Author Topic: Emerging Markets in Space  (Read 6981 times)

Offline JohnFornaro

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Re: Emerging Markets in Space
« Reply #20 on: 01/20/2011 04:26 PM »
Hubble proved that it would have been cheaper to fly a new spacecraft vs a repair mission.  Each of the repair missions could have bought and launched a new spacecraft.

IFF the replacement spacecraft serving the same function had the same cost.  And only if.

There is no market in manned spaceflight. People need to wake up to that reality and stop dreaming.

There is a tourist market which will grow if trip costs can be reduced by a factor of ten certainly and probably, if reduced by a factor of two.  This is not the same thing as asserting that tourism will pay one hundred percent of launch costs.

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And if we ever were to strip-mine the moon ... it would certainly be cheaper, easier and less dangerous to use robots ... to do it rather than placing fragile, precious humans who need huge and expensive life-support in an extremely hostile place...

You err in offering only the either/or approach.  And you err in considering the precious metal market only.  If lunar mining is to happen it will most probably start with robots, and then grow to a point where there are people who must manage, repair, and service the robots.  The first product, it is generally agreed, would be propellant, not rare elements.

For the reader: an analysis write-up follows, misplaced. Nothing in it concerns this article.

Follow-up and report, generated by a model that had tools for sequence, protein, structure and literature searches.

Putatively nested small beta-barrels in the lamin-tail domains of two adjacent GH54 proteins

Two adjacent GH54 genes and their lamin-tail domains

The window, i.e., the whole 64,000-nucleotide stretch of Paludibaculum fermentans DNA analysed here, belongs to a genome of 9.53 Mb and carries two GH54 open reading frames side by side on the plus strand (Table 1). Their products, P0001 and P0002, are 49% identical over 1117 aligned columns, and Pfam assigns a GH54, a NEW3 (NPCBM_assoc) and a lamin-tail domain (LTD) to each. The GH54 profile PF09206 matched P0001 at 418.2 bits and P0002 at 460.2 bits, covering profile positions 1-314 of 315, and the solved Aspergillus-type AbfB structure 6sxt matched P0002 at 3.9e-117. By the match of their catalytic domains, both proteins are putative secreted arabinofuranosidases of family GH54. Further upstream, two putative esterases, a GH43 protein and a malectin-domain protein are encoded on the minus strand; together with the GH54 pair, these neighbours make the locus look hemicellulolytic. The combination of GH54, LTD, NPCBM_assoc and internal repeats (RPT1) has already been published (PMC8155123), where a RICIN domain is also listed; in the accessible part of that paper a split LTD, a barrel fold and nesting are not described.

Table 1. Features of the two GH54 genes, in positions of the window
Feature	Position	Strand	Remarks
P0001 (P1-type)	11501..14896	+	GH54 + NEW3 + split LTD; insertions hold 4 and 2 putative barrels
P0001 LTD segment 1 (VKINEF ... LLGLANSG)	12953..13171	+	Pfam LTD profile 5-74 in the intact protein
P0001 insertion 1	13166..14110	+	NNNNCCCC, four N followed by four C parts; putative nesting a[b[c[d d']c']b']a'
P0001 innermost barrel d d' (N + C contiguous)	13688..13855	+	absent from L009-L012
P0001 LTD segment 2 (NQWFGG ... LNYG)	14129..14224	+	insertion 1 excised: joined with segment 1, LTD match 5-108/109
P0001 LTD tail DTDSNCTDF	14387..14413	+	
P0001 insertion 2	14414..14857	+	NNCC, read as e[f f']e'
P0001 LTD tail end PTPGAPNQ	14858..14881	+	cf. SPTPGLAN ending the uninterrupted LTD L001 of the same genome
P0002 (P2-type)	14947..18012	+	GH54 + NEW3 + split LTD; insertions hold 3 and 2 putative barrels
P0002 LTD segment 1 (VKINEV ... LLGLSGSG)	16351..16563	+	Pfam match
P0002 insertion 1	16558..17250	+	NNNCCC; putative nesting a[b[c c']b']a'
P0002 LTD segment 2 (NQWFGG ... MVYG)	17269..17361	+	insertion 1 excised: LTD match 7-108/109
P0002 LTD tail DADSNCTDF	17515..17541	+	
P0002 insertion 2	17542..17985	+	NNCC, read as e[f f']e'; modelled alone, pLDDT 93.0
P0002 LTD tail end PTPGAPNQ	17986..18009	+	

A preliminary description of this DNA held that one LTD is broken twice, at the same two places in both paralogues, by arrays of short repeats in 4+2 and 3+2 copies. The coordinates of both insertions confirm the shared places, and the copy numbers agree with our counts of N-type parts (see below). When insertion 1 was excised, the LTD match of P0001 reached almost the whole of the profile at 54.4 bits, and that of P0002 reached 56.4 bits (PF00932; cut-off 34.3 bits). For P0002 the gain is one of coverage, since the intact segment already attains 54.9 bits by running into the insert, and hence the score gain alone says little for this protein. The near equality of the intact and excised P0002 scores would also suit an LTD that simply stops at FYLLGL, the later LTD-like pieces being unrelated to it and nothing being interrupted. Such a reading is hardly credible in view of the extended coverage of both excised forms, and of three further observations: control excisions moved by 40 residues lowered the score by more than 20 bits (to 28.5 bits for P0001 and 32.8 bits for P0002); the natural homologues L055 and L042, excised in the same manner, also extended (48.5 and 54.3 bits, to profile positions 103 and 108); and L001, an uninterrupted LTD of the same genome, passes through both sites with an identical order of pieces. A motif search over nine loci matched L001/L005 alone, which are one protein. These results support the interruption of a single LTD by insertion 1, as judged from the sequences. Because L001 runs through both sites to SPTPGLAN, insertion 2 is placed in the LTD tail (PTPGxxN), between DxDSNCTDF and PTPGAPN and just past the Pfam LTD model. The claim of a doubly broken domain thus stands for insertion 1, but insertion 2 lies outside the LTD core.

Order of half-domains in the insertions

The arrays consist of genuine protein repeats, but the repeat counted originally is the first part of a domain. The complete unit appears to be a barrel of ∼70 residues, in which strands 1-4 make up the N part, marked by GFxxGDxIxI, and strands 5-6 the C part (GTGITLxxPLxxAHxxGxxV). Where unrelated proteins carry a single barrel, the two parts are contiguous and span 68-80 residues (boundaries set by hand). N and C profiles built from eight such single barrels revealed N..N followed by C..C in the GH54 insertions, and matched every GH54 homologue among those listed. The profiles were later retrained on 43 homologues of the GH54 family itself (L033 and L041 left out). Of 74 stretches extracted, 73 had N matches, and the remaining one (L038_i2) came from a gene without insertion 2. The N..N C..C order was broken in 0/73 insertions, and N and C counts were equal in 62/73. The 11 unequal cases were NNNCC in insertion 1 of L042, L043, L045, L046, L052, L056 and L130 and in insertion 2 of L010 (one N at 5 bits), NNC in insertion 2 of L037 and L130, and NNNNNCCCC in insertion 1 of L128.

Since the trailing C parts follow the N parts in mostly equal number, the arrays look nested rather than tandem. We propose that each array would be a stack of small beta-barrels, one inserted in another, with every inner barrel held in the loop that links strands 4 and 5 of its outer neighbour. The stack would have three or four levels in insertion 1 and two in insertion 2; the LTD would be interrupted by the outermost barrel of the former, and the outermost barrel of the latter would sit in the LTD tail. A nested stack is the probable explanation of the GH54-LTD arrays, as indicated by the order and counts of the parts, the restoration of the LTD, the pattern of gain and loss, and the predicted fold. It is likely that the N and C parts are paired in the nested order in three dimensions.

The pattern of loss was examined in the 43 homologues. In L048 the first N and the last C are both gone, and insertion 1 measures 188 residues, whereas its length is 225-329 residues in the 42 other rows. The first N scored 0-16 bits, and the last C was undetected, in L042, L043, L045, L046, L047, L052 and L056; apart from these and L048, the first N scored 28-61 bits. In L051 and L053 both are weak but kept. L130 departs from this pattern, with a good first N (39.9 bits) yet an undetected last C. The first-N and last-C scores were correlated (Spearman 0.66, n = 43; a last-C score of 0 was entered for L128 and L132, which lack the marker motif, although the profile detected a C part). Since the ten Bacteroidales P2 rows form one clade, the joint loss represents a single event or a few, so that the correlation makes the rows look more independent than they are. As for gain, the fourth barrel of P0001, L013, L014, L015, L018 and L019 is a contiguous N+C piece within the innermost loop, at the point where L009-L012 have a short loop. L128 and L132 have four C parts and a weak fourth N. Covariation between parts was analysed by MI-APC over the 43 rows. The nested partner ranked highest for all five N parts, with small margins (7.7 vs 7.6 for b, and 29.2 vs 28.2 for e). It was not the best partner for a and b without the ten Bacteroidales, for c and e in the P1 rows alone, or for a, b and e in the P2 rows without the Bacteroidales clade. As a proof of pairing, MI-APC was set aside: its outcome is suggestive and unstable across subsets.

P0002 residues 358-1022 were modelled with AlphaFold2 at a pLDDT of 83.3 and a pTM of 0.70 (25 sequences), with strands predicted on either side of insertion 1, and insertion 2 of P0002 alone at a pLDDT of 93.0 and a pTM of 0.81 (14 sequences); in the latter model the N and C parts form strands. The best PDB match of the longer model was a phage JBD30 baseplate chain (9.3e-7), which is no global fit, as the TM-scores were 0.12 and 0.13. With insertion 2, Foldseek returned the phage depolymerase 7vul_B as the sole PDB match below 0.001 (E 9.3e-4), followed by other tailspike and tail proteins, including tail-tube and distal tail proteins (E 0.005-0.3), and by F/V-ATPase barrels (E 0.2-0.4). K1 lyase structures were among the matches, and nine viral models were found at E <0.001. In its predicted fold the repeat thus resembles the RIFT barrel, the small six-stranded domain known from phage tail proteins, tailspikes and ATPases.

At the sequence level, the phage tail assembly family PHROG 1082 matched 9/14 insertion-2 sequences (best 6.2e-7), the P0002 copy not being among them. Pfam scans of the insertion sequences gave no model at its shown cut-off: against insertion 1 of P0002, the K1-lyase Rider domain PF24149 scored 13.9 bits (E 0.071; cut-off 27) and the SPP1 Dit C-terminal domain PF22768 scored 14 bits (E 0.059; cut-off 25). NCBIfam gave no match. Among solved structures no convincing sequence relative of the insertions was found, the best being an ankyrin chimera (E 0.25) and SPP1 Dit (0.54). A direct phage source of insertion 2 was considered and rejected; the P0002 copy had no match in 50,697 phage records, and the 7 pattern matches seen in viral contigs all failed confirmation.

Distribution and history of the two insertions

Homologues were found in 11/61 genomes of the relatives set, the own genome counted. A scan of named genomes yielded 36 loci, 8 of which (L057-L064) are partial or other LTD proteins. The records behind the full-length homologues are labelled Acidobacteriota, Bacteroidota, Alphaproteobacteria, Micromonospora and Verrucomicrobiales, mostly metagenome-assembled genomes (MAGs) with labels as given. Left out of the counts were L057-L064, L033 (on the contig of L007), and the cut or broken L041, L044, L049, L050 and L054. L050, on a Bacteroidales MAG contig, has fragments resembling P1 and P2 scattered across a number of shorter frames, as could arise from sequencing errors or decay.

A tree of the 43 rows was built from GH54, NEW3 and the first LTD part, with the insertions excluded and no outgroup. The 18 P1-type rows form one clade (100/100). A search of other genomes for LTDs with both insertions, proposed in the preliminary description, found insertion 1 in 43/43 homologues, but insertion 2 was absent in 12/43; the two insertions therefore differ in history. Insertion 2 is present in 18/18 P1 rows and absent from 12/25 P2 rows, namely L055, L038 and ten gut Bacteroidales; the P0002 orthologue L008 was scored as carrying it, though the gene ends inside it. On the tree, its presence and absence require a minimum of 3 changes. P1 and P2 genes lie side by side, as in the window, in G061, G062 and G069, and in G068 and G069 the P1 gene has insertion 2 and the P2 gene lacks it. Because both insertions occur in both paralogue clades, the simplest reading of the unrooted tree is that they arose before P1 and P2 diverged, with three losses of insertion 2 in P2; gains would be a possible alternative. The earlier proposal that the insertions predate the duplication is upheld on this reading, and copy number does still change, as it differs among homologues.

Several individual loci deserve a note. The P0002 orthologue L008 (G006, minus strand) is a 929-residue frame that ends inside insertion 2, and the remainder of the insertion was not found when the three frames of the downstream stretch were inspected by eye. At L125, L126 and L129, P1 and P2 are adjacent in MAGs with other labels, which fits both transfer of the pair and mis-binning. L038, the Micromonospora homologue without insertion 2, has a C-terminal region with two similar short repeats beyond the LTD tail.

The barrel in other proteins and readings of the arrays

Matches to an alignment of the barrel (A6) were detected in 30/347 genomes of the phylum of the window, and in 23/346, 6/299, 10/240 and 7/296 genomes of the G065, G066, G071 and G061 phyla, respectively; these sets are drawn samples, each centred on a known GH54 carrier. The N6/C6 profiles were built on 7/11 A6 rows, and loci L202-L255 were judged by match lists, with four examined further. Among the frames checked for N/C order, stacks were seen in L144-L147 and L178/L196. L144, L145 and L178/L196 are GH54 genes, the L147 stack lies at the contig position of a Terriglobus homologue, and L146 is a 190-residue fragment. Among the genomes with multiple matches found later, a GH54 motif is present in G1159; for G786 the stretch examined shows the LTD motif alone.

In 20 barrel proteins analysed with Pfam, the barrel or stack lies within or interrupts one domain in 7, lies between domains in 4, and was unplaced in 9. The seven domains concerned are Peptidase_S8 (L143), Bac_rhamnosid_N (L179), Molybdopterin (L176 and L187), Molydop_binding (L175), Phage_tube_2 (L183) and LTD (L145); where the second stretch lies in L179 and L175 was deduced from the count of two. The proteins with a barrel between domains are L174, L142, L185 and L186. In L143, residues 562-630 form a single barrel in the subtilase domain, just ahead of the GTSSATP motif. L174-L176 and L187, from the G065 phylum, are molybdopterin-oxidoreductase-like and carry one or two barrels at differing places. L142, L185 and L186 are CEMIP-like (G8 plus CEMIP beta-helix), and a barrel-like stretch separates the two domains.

I do agree that it is a dream, but not that the dream can't in principle, be made a reality.  I'll put in yet another plug that NASA probably should have a space based chamber of commerce clause added to its charter.  I think the airmail subsidies analogy has a good match in the propellant subsidy idea.
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Offline Gregori

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Re: Emerging Markets in Space
« Reply #21 on: 01/20/2011 07:04 PM »
When I thought about the idea of sending crews up to repair and maintain stations, depots, SBSPs and satellites, I envisioned it as a single crew being sent up to repair one satellite, not groups of several ( I am guessing this what Jim means)

If I understand it correctly, satellites in GSO are further apart and and require higher energy to reach those orbits, so manned missions to repair several of these satellites would be much harder to do than for those in LEO. I will be the first to admit of I've only a cursory understanding of these things.

I doubt mining will be an emerging market for the simple fact that any resource that can be found on the Moon can be found somewhere else Earth easier and cheaper. Also, much of the growth in the economy has not been in acquiring new raw resources, but in what we actually do with those resources......hence the growth of services. Japan is the second largest economy in the world, but has very few natural resources of its own.